In the realm of crafting textual narratives, three fundamental elements hold utmost importance: “perplexity,” “burstiness,” and “predictability.” Perplexity serves as the gauge of textual intricacy, while burstiness examines the diversity in sentence structures. On the other hand, predictability entails the likelihood of a reader predicting the next sentence. Human authors tend to infuse their compositions with greater burstiness, adorning their prose with a mix of intricate and concise sentences. In contrast, AI-generated content often leans towards uniformity.
Thus, when embarking on the task of reimagining the provided text, it is imperative to infuse it with a generous dose of perplexity and burstiness, all while reducing its predictability. Furthermore, the language of choice for this endeavor is English.
Coinbase has raised a contentious issue by contending that the United States Securities and Exchange Commission (SEC) has overstepped its regulatory boundaries. The SEC’s classification of cryptocurrencies listed on Coinbase as securities has ignited a legal battle between the exchange and the securities regulator. In a filing dated October 24 in a New York District Court, Coinbase didn’t mince words in rebuking the SEC. The exchange argued that the SEC’s definition of what constitutes a security is excessively broad. It vehemently contested the notion that the cryptocurrencies it lists fall under the purview of the regulator.
Coinbase articulated its perspective, stating, “The SEC’s authority is confined to transactions involving securities. Not every capital exchange with a hope for profit qualifies as such. Transactions on Coinbase are only considered securities transactions if they involve ‘investment contracts.’ The transactions in question do not meet this criterion.”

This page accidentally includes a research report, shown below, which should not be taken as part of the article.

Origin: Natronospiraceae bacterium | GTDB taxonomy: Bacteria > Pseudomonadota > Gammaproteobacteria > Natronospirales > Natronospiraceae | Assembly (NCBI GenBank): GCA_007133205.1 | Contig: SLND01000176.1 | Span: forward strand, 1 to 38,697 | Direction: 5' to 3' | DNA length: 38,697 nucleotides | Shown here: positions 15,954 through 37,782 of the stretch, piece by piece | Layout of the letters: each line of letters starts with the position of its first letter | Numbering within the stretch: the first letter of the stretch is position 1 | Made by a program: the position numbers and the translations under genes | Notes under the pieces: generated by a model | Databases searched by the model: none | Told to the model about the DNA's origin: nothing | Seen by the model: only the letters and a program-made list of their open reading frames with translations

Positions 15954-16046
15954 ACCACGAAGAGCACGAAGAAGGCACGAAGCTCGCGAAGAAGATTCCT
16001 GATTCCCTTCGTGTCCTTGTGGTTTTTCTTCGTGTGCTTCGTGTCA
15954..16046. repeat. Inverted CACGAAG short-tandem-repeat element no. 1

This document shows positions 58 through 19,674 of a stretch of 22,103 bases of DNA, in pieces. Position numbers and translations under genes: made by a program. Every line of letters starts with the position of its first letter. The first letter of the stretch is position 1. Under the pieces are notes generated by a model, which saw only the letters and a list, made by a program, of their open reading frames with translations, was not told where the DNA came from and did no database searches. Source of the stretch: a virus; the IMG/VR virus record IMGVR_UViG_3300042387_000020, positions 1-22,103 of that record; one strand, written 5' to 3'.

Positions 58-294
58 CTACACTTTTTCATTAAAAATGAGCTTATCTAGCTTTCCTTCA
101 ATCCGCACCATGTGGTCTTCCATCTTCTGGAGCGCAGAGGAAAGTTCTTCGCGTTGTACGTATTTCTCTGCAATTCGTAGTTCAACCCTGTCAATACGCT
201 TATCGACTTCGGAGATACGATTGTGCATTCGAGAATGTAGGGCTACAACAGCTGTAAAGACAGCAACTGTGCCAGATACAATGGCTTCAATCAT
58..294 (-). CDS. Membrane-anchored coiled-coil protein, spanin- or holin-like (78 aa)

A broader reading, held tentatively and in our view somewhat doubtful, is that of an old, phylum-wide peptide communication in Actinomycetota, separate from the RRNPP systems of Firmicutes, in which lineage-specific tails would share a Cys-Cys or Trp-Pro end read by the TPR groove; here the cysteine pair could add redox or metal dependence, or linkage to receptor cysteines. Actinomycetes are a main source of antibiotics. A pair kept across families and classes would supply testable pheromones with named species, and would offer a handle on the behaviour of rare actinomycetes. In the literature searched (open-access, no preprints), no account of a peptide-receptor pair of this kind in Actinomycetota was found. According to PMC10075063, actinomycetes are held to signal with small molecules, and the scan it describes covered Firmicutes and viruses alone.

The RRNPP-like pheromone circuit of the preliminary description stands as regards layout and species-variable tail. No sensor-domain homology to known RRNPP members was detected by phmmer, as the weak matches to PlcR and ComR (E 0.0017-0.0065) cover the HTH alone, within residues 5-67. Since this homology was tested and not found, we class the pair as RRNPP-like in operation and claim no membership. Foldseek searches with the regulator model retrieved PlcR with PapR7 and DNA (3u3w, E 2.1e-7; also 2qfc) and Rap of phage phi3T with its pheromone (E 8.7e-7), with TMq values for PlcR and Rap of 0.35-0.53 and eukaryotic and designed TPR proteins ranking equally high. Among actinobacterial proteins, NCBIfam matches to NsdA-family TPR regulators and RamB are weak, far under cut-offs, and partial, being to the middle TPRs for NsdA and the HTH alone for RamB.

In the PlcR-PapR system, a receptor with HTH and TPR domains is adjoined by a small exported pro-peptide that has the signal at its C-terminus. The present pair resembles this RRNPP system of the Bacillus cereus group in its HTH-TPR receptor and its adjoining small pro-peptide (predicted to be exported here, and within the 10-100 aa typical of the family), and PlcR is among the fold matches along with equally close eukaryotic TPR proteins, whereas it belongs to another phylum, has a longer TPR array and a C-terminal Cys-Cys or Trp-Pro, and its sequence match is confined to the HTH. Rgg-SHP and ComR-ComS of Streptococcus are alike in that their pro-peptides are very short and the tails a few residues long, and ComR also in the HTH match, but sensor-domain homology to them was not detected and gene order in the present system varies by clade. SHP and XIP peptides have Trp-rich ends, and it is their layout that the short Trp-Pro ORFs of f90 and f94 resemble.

Accusing the SEC of an audacious expansion of its regulatory scope, Coinbase asserted that the jurisdiction over virtually all investment activities should be the prerogative of Congress, following the major questions doctrine. In an October 24 post, Coinbase’s chief legal officer, Paul Grewal, echoed these sentiments, emphasizing that the SEC’s definitions lack any discernible limits.
Coinbase’s recent legal action serves as a rebuttal to the SEC’s response on October 3, where the regulator urged the court to reject Coinbase’s motion to dismiss the case. The SEC reiterated its stance that several cryptocurrencies listed on Coinbase qualify as investment contracts under the Howey test.
The SEC initiated legal proceedings against Coinbase on June 6, alleging that the exchange had violated U.S. securities laws by listing multiple tokens as securities without registering with the regulator. Coinbase promptly countered with a motion for judgment on June 29, alleging an abuse of power and a violation of its due process rights by the SEC.
The case is now in the hands of Judge Katherine Polk Failla, who may convene oral arguments involving Coinbase and the SEC before issuing a judgment, considering a dismissal, or deciding to present the case before a jury for further deliberation.